Effect of Sulphite Sediment on Hydrogen Embrittlement Susceptivity of Hot-Dip Galvanized Steel Exposed to Simulated Marine Atmosphere
Hydrogen permeation and embrittlement behavior of hot-dip galvanized steels with different sulphite sediment on surface exposed to stimulant marine atmospheric environment was investigated by hydrogen permeation current measurement using modified Devanathan-Stachurski cell, slow strain rate tensile test and scanning electron microscopy technique. The results indicated that hydrogen permeation curves were increasing along with the sediment rising gradually. On the other hand, it was found that hydrogen absorption was accelerated by the cathodic protection of scratched steel surface afforded by zinc coating. Hydrogen absorption and permeation reduced the percentage elongation after fracture of galvanized steel specimens; meanwhile, the fracture characteristics of samples fringe occurred some lacerated phenomena, i.e., galvanized steels show a higher susceptivity of hydrogen embrittlement when exposed to marine atmospheric environment with sulphite.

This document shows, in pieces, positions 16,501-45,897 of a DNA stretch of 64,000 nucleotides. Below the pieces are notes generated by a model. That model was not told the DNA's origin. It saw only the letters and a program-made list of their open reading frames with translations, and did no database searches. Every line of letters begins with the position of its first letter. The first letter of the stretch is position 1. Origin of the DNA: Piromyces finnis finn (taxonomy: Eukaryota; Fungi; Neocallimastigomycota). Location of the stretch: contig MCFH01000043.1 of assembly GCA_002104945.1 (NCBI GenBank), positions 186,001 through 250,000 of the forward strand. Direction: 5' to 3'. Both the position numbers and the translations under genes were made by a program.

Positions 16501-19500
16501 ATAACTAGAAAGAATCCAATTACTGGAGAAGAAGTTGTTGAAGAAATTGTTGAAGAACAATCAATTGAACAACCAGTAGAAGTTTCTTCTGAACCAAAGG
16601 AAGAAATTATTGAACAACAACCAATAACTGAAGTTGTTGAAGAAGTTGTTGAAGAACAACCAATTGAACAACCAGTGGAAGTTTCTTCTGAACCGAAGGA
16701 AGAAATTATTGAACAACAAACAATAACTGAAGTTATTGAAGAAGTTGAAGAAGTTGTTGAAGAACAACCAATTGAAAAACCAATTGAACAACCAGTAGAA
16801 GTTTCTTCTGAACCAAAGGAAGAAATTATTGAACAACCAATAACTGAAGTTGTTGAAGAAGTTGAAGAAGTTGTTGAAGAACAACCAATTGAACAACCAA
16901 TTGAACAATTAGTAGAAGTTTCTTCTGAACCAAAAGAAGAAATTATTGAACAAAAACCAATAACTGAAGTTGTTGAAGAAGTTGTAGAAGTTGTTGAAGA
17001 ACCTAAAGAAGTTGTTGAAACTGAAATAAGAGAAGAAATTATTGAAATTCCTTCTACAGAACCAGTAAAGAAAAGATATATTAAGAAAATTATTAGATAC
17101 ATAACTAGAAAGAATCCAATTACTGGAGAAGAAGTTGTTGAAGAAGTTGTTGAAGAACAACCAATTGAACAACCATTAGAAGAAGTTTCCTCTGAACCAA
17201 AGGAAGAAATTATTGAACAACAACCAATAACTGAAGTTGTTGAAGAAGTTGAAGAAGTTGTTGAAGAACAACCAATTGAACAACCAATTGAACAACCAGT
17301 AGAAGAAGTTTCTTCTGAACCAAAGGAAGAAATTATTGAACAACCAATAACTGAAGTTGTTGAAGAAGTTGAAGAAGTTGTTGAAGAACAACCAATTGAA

Huaiying Zhou, Tianlong Gu, Daoguo Yang, Zhengyi Jiang, Jianmin Zeng
D. L. Zhang et al., "Effect of Sulphite Sediment on Hydrogen Embrittlement Susceptivity of Hot-Dip Galvanized Steel Exposed to Simulated Marine Atmosphere", Advanced Materials Research, Vols. 197-198, pp. 1617-1620, 2011